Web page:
Employers in Illinois are required to carry workers’ compensation insurance if they have one or more employees.  It’s a felony not to do so.  The only exception to this is if you work for yourself or are the owner of a company. In those cases you can opt out and don’t have to cover yourself.

Of course if you are working, even if you are the owner, and get injured, not having insurance could really ruin your life.  A recent caller to my office had this happen to him as he tore his ACL and can’t work for about six months.  He used to be covered under his own policy, but no longer is.  There is unfortunately nothing we can do for him now.

If you do elect to have yourself covered under the policy and get injured, it’s often a unique type of case.  First, your average weekly wage is based off your salary, but some owners choose to only take profit distributions.  This can make proving what you really earn a mess.  Second, the case is essentially you versus you although it’s really you versus your insurance company.  That of course makes the case harder for them to defend and fight and if they want to keep your business, they might not fight as hard.  On the flip side though, if they think they are losing money by insuring you they might actually fight it harder and/or drop you as a client.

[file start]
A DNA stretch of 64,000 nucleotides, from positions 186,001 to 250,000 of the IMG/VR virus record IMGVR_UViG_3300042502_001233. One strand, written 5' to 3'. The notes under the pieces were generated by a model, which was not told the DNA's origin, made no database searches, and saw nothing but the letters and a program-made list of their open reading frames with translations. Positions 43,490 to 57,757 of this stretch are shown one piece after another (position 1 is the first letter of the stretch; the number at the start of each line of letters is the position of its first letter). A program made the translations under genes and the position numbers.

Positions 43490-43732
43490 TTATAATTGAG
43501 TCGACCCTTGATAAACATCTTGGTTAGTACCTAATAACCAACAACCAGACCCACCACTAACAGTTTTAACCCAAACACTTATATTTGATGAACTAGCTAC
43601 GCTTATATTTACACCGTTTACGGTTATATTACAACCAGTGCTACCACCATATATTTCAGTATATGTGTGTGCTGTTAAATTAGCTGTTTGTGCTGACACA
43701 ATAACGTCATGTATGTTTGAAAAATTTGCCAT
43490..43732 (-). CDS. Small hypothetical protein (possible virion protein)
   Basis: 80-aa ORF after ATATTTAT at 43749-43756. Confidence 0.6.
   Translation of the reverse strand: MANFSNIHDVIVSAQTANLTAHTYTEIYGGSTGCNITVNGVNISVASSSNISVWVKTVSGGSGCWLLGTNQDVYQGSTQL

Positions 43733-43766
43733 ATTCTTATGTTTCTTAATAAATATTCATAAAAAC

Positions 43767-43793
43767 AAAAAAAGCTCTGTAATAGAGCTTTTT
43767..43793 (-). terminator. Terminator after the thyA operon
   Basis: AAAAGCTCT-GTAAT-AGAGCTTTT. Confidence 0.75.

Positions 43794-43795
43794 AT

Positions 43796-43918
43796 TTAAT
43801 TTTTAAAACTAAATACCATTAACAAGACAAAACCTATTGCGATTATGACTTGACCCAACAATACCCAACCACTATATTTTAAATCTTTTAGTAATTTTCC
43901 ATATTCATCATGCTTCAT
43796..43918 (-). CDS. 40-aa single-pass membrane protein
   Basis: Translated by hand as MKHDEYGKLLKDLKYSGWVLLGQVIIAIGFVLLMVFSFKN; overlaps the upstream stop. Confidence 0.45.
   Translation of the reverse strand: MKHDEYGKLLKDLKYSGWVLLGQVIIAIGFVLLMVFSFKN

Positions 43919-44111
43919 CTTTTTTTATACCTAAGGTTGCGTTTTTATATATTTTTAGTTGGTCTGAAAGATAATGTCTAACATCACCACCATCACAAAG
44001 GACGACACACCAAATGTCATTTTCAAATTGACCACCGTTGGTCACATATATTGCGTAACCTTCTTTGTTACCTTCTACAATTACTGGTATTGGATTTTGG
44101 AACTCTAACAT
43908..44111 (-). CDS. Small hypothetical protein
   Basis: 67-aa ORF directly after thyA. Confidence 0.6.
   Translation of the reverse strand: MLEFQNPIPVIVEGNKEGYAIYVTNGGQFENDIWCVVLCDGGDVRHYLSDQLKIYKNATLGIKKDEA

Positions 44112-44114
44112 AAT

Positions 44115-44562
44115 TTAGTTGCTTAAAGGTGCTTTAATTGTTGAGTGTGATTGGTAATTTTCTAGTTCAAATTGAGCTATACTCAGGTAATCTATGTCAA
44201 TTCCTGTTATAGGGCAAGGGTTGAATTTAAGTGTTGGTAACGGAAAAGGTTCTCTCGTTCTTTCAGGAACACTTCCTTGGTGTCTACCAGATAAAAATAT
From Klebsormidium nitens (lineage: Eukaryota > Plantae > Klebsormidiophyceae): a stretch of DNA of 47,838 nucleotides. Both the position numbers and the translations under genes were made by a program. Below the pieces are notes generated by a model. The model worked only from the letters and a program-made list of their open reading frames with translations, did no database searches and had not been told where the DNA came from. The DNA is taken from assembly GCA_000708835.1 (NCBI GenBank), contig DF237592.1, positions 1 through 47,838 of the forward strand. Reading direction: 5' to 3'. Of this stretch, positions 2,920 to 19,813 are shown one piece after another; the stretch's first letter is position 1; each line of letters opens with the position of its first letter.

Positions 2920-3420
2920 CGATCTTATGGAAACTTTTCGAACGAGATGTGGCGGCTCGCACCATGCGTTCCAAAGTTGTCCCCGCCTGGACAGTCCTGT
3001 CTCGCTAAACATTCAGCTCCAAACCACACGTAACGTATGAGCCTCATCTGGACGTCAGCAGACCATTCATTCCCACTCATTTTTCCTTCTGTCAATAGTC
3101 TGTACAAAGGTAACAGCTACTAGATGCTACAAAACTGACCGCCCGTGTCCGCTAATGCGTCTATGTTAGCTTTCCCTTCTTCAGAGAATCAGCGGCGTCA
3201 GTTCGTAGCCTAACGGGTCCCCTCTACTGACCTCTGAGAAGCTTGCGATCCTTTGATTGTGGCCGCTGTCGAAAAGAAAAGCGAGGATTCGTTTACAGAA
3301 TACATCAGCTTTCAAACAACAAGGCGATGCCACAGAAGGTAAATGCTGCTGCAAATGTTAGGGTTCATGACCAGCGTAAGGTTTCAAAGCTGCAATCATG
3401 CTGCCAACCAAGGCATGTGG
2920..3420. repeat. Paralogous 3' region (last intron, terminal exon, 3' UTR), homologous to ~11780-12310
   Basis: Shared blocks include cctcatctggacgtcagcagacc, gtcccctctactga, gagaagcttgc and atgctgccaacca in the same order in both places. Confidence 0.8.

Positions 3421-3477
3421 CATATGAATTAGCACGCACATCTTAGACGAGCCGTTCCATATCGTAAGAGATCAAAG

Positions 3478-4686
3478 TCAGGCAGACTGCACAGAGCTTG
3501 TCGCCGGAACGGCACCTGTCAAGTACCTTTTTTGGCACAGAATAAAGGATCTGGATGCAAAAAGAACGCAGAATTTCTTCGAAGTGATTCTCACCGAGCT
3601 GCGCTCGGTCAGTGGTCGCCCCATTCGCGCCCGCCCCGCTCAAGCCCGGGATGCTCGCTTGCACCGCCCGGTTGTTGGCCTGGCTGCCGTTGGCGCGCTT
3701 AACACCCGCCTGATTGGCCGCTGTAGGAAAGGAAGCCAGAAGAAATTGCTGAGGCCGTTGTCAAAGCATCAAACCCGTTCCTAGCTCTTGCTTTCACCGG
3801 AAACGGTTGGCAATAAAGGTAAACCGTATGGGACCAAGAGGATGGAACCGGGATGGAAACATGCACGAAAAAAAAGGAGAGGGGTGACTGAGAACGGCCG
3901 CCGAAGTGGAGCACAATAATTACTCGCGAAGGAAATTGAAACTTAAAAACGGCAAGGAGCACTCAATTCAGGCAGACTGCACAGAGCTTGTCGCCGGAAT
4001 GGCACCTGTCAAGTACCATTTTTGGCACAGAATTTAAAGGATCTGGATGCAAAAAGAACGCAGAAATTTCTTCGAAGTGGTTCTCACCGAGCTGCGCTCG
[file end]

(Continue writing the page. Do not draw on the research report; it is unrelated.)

Whether or not to cover yourself is usually a bottom line or risk/reward decision.  That said, if you are in a heavy duty job or one that has a risk of injuries, it’s really a bad idea not to carry work comp insurance on yourself, especially if your family can’t afford to be without your income for some time.  The other issue is that if it is a work related accident, your personal insurance might choose to not cover the bills and they will care less if you are covered by your own insurance or not.

There are some other quirks when you work for yourself.  Illinois workers are supposed to report their accident to the company within 45 days of it happening.  You are reporting to yourself, but if you have a HR department, GM or someone else that has authority, it would be safe to report it to them ASAP.  If you have restrictions that prevent you returning to a full duty job, an argument could be made that you should be able to create work for yourself that falls within those restrictions. Bottom line is that you can expect a fight over TTD if you are off work.

These are unique cases, but we’ve been involved in them before with success.  If you have any questions or want to talk to a lawyer, contact us for free any time.